What Are You Worth?
This month, we’re talking pricing. How do you price your time? How do you price your work? More importantly, how do you describe your value to those around you? There’s a math way (which is incomplete) and a non-math way (which is hard to quantify), and the secret to figuring out the “right” answer (as though there is such a thing) is to use a little of both.
Track Your Time
If you haven’t yet adopted some sort of time tracking system, this month is the month to adopt it. It doesn’t have to be fancy. It doesn’t have to be perfect. (Psst… It won’t be either.) Start with whatever you’re comfortable with. If it is a calendar and a pen, great. If it is a stack of scraps of paper next to your computer, fine. If it is an app like Toggl or Hours, or QuickBooks or Fresh Books, or even Evernote or just the “Notes” app on your home screen, fantastic.
But start tracking your time.
Because unless you have a very clear idea of how you spend your time and which portions of that are “monetizable” neither the math way nor the non-math way will help.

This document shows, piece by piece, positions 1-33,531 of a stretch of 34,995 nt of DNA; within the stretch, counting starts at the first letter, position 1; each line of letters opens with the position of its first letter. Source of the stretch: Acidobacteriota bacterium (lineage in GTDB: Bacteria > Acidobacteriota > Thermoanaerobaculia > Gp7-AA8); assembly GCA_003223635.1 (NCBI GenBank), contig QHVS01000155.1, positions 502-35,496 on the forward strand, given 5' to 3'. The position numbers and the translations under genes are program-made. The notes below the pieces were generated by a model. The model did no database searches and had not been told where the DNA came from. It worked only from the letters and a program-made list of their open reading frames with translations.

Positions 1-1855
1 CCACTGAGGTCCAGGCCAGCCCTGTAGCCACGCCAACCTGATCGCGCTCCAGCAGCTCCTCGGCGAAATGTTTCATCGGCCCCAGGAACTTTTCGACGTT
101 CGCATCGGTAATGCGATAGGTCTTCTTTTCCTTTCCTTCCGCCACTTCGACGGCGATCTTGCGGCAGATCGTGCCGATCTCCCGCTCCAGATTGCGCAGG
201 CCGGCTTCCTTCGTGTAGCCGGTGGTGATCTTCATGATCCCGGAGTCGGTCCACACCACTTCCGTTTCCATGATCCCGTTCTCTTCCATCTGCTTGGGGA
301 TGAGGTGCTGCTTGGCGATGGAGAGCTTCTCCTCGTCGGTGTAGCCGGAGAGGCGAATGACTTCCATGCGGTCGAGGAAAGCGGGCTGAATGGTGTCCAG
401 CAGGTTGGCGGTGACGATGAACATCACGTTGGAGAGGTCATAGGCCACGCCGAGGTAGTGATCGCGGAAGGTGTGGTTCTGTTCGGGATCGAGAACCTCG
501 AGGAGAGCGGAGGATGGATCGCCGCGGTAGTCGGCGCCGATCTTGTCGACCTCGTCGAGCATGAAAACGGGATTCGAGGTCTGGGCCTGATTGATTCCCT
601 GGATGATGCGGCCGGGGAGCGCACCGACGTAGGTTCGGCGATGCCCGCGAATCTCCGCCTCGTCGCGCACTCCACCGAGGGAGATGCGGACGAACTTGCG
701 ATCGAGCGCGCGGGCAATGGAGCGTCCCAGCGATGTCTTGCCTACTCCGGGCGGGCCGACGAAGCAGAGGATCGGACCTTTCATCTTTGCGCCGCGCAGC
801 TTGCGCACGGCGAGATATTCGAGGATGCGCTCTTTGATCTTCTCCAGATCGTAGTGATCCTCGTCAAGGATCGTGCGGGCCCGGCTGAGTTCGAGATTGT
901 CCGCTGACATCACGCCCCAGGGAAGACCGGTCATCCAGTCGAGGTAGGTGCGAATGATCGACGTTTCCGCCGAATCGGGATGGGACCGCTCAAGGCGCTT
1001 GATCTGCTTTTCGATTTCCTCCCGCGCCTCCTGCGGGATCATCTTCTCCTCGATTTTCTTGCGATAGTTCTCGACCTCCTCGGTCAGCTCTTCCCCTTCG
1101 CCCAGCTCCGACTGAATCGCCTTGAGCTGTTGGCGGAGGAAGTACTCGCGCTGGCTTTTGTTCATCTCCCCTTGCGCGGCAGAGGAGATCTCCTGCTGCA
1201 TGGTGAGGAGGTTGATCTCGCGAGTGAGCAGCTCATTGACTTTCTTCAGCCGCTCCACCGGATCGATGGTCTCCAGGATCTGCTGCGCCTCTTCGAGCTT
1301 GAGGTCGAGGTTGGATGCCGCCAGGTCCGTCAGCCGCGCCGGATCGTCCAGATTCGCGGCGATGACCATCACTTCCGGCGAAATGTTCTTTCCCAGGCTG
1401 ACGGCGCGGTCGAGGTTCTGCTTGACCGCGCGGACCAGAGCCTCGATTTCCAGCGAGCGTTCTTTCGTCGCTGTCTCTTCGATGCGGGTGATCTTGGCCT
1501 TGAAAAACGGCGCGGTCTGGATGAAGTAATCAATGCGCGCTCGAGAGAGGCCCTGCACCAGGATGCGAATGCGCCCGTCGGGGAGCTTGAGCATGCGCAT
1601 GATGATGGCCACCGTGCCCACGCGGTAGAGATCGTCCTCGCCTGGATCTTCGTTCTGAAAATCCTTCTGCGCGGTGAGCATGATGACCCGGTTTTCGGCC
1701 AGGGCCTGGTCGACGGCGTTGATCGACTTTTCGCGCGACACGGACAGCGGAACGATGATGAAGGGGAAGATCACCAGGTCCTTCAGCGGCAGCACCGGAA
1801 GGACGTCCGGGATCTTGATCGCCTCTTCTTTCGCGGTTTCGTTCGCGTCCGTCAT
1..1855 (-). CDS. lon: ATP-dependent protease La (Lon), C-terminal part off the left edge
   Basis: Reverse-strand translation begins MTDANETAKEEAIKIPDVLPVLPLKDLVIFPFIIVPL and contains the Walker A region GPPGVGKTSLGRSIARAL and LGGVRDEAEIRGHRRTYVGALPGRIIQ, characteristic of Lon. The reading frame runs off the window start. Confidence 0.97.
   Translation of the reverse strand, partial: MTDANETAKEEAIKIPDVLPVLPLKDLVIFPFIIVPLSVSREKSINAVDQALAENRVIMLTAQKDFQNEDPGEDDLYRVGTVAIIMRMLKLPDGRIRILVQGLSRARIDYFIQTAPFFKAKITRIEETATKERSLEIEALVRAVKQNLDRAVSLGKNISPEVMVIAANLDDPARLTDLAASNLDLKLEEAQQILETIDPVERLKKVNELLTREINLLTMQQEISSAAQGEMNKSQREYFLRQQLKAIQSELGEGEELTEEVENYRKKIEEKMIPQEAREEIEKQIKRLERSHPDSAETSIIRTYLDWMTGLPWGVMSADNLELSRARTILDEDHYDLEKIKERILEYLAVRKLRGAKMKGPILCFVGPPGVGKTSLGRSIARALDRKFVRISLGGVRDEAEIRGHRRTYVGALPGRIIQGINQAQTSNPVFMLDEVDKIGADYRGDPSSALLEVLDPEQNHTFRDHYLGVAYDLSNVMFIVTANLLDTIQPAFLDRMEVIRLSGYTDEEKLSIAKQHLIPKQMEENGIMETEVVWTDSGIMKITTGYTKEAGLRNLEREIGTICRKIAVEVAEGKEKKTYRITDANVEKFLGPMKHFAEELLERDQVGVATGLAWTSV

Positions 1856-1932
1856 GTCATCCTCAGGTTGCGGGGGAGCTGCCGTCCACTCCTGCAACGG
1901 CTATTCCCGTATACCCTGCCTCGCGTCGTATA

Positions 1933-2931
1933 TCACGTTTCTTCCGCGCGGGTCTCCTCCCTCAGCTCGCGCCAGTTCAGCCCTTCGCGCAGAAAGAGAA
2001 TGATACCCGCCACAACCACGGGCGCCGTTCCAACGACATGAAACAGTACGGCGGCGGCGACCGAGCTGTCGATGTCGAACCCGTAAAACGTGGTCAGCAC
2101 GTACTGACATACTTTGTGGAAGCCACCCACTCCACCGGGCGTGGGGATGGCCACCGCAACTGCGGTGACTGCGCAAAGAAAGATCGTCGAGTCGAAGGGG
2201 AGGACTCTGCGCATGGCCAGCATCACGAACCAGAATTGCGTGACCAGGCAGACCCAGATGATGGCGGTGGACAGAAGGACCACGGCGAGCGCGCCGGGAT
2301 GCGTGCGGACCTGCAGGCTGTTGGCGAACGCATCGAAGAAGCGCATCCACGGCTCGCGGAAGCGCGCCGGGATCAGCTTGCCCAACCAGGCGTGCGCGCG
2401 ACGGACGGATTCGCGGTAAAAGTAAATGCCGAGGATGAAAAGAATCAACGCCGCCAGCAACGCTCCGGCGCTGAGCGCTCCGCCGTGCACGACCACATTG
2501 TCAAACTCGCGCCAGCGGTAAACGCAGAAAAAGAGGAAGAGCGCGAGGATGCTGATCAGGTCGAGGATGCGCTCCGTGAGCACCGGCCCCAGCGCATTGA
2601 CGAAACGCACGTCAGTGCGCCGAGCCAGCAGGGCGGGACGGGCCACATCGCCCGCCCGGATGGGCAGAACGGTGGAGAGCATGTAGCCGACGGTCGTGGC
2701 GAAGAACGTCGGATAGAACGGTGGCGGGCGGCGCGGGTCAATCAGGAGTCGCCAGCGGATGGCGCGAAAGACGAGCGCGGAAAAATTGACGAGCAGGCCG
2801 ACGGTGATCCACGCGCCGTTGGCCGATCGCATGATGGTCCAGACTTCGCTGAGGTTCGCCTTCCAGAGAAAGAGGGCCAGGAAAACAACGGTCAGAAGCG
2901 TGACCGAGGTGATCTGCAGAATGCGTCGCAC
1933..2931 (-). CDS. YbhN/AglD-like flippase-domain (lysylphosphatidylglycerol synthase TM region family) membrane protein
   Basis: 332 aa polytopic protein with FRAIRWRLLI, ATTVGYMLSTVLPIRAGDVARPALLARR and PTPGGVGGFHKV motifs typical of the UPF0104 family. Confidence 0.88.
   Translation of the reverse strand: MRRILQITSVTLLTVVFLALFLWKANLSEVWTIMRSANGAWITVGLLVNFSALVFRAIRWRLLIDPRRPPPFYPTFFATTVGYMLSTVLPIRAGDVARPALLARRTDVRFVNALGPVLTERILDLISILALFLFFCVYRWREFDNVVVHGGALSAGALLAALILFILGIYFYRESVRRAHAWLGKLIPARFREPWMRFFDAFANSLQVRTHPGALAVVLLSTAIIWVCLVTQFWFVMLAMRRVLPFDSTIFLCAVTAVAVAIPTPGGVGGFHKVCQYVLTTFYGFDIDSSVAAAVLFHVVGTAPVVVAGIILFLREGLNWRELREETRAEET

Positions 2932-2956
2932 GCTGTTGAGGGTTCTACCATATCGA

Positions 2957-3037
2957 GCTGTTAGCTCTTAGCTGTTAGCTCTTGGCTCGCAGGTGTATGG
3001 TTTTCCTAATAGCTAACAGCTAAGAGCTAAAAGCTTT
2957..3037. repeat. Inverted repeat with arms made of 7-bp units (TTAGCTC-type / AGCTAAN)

Track Your Expenses
Ditto for your expenses. What does it cost to run your creative practice? What does it cost you to run your creative practice in the way you really want to run it (boot strapping aside)? What does it cost you to exist as a human? What other sources of income do you regularly rely on?
If you can’t yet answer those questions quickly, you need more data.
Because it is only after you have reliable, accurate information that you can have informed, honest conversations with clients, customers, colleagues, and friends. Without the data, you’re just guessing. And that feels neither honest nor authentic.
With a bit of math, you can figure out how much you “have” to charge during each of your billable hours to cover your expenses (plus some savings, plus your taxes).
With a bit of critical thinking, you can analyze your competitive landscape, you can assess your target customers, and you can quantify your competencies.
With a painful 15-minute session with a friend, you can figure out how to describe your value in a way that doesn’t feel icky or sound staged.
And then it becomes much easier. But you don’t have to figure this out on your own simply by guessing or by asking what other people do. You have the capability to analyze your own practice and share your own story.
And that is a true way to assess your own worth.
P.S. Stay tuned for Parts 2 and 3 of our series, “More Than Math.” And if you missed, Part 1, feel free to catch up now.